But with over 1,700 charging stations (and counting), the Supercharging network is the undisputed champion. The latest available Department of Energy data shows Electrify America has half that many charging locations – 839. However, Electrify America is arguably more important than Tesla's Supercharger because everyone with a CCS port can use the former, while the latter is meant for cars with the NACS port. The Magic Dock solves this issue, but it's far from becoming common.
Thus, if you buy an EV that's not a Tesla and want to fast charge for long journeys or weekly commuting needs, Electrify America will be your best bet. That's why the VW-owned network is vital for the success of automakers that went with the CCS port and, at the same time, may be one of the reasons for which Ford decided to implement Tesla's charging solution.
A reality checkSome Electrify America users have trusted the charging network's stalls to work correctly. Still, a couple of unlucky ones lost their cars due to various issues like the charge port overheating. Other troubles like being unable to unplug, seeing sparks or smoke when plugging in, and having their EVs bricked by the charging station have also led to zero-tailpipe emission drivers questioning if they should visit an Electrify America location.
Besides all these unfortunate situations, having Tesla fans and investors laugh at what other EV customers must deal with… Well, it just added salt to the wound.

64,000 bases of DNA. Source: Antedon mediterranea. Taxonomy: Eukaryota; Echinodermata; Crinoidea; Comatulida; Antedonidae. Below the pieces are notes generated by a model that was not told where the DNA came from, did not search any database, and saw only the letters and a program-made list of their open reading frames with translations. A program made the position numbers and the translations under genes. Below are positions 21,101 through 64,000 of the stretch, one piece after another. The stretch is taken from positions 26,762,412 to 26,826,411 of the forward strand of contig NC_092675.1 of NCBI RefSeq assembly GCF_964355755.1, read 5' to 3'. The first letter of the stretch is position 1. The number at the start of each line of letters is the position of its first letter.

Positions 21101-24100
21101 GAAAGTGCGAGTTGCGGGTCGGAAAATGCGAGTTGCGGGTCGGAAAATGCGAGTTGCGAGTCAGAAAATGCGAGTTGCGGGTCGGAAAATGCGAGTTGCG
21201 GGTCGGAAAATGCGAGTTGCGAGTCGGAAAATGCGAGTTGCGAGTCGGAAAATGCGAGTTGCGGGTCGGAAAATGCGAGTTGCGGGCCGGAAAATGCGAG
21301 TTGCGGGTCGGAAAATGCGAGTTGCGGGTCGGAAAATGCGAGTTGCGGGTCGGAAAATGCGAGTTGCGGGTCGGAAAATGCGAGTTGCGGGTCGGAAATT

But the worst thing about relying on a fast-charging network is how it can ruin one's plans when it cannot deliver what it promised. That's what happened to the Out of Spec Motoring team that attempted an EV Cannonball record with a Lucid Air – a car capable of sucking the energy out of the grid at a fast rate. It didn't work out in the end because charging hiccups hindered their efforts. This can make many Americans wonder about the reliability of an EV when they might have to drive one on longer journeys. It can also increase frustration in those who have already joined the zero-tailpipe emission lifestyle and did so believing charging would be as easy as filling up with gas.
But besides being necessary for the U.S., Electrify America must also ensure it remains profitable for its shareholders. Suppose it misses this giant wave of federal funding. In that case, it may allow Tesla to further cement its championing position. It'll only lead to losing more customers and even the partnerships it has made with various automakers like Hyundai.
Never lose hopeHowever, we believe that the charging network born out of the Dieselgate saga will find a way to succeed. And it starts today, with Rob Barrosa taking over as CEO and president.
He has 16 years of EV infrastructure experience. Barrosa previously occupied the Vice President of Technology role at the company, where he oversaw the team of engineers and dealt with implementing technical capabilities. One could argue that he wasn't very good at ensuring that everything ran smoothly charging-wise as VP, but becoming CEO with that much knowledge about the company's operations is poised to be at least a tiny bit helpful in overcoming the current challenges.
He said a dedicated service team is now available and "quickly reacts" to these user-reported issues. However, the man simultaneously admitted that more work needed to be done. Barrosa may have confused the name of the Rivian R1S by calling it "RTS," but he acknowledged that the availability of Electrify America stations must be increased while also eliminating other problems like not charging right as the plug is put into the port. That's what's needed of him anyway.
It's the start of a new era at Electrify America, and we couldn't be more excited about the prospect of having one of the nation's largest charging networks go through the right changes.